How Rian Became A Swamp Cat

How Rian Became A Swamp Cat

When I brought Rian from Rose Hill to the edge of Mingo Swamp, he didn’t have a name. I declared him to be rather wild, along with about eleven others like him; but my brother Johnny will correct me on that. He thinks I took him after Daddy died, maybe just to have something Daddy used to feed. He might be right. Anyway, I had noticed a bunch of orange cats and charcoal cats around Daddy’s barn. They always ran into the woods when anyone came near them. I knew Daddy had been feeding them during his cancer treatments when he felt like it. Johnny probably helped him. After Daddy died, I set a metal trap with milk inside and waited to see which hungry cat would enter.

Late one afternoon I brought an orange dreamsicle-looking, frightened kitten to Mingo Woods, thinking I would tame him and have a pet. I decided to put him in the greenhouse at first so I could keep watch and he wouldn’t get lost. I had already placed food in there for him, so I just released him under one of the tables. I never saw him again for weeks. I knew he was still in there because the food was eaten when I can home at the end of a day of teaching. Then one day, I saw that the food had not been touched. After calling “Kitty, Kitty” and searching under pots and behind soil, I spotted a hole in the corner through the gravel to the outside. He had dug beneath the wall of the greenhouse to get outside. He was gone. Having more than nine acres of swamp and woods for him to roam, I didn’t expect to see him again; although I continued to search and call a little each day.

One evening at dusk a few days later, I spotted a pair of eyes down at the edge of the swamp near the pump house. When I walked toward them they turned back into the swamp. I started leaving food beneath the dogwood which he, or something else, would eat when I wasn’t around. Each time I left food I brought it a little closer to the house. After a few weeks we had a cat in the back yard, on the porch of the shop and the house, though he wouldn’t hang around if we came near him.

I’ve known Stephen to tame feral cats before, and he took over the taming of this one. He named him Rian and slowly began to get him to trust him. There came a time when we knew we needed to take him to the vet – rabies and no neighborhood baby cats to come. I was the one to grab him on the neck and lift him into the cat carrier, and Rian remembers. He now follows Stephen around the yard, to the dog kennel, to the chicken yard, even the mailbox, his tail brushing Steve’s pants leg as they walk. He doesn’t bother the wild birds much, but I have known him to damage a baby rabbit in its youth. Now that he’s nine he doesn’t seem to care about much except his food, his resting places, and his fur brush.

 Stephen can ask, “Rian wanna brush?” and the cat goes to the bench on the front porch and waits for Steve to brush him. The brush stays on the bench behind one of my plants. If I’m sitting with Steve on the porch and the cat is coming toward him, Rian will jump down from the porch before he gets to me and jump up again when he has passed me. You’d think I had hurt him or yelled at him or something; but the only thing I’ve done is snatch him away from too many siblings vying for food in Rose Hill, to give him a good home at Mingo Woods, take him to the vet every summer, and buy him good cat food.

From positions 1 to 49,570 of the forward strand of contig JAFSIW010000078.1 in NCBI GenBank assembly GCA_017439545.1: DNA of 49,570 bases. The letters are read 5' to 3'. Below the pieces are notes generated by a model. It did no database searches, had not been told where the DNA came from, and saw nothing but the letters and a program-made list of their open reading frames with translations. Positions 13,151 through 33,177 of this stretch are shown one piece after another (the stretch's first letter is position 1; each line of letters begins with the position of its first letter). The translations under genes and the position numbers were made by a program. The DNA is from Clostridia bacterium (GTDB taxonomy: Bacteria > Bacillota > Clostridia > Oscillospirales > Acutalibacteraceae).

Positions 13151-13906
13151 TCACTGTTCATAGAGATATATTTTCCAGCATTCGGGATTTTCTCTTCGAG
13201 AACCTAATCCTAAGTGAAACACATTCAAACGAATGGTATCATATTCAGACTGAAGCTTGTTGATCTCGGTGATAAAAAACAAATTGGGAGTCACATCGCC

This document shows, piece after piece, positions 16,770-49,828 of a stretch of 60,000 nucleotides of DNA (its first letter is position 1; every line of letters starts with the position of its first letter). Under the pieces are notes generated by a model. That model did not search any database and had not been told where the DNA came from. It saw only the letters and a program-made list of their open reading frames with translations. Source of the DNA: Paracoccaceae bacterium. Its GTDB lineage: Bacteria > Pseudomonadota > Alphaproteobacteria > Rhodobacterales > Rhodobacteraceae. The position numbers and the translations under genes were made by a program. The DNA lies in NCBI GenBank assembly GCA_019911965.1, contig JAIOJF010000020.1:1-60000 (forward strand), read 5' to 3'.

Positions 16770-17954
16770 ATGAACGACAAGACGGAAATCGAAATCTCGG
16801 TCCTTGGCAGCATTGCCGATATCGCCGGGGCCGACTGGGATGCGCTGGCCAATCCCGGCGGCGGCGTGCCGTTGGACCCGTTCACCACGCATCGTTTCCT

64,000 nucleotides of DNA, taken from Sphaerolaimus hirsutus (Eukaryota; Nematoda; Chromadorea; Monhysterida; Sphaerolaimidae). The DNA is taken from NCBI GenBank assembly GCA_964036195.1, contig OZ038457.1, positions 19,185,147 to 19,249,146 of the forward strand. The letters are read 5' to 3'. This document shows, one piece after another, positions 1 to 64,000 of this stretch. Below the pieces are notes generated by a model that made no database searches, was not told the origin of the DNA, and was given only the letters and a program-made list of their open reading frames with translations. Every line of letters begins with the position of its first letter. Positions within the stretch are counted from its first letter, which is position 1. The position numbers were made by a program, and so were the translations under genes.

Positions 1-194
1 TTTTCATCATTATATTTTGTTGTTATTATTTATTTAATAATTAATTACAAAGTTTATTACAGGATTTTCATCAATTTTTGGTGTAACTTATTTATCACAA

Recently I have noticed Rian at the back steps outside the screen door, waiting. Steve will ask, “You want some dinner?” as he opens first the kitchen door and then the screen door. This cat runs through the house to the front door and waits for Steve to open it so he can go on the porch where his food is. If I’m in the kitchen, he runs faster. I’ve never frightened him; I even sometimes say very sweetly, “Good morning, Rian, how ya doin’?”  Now and then on a very cold morning, Steve will open the front door; and this cat that nine years ago ran from everyone, will come inside, sit on the sofa and watch television, as long as I’m not in the room. If I come in the room, he scoots off the couch and stands at the front door, ready to go out again.

In spite of the fact that he’s not really my cat, Rian seems to enjoy the things that belong to me. He sits on the hood of my car, climbs into my plants on the porch rail, and lazily looks out from my rattan chaise lounge in the corner of the front porch. When it’s very cold, the chaise lounge becomes his hideout. He creeps into the cat carrier that sits there covered with beach towels and layered inside with blankets. Even my heating pad has kept him warm on a cold winter night. I’ve wondered why he doesn’t run away when I take his picture. I think this cat is smarter than he wants me to know.

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4 comments

  1. Ptc

    …beyond precious in every sense. It is always a huge pleasure to read your work. This one is an extra special treat for me because I have been a cat fancier from as early as I can remember. Thank you for sharing Rian with us. I have missed your being here.

    Sarah

    Like

  2. Ptc,

    I loved reading & rereading this. I reread it immediately. 🙂 How you pull your reader in is an amazing quality of your work. Always enjoying your inspiring stuff.

    Jan

    Like

  3. I loved this ptc. I had a once feral, almost domesticated cat that ran away when we moved house. I cried, still do every time I think of Cattie. We tried for months to get her. I think Rian is showing what we call locally, ‘Tobago’ love.

    Regards,

    Maryse

    Like

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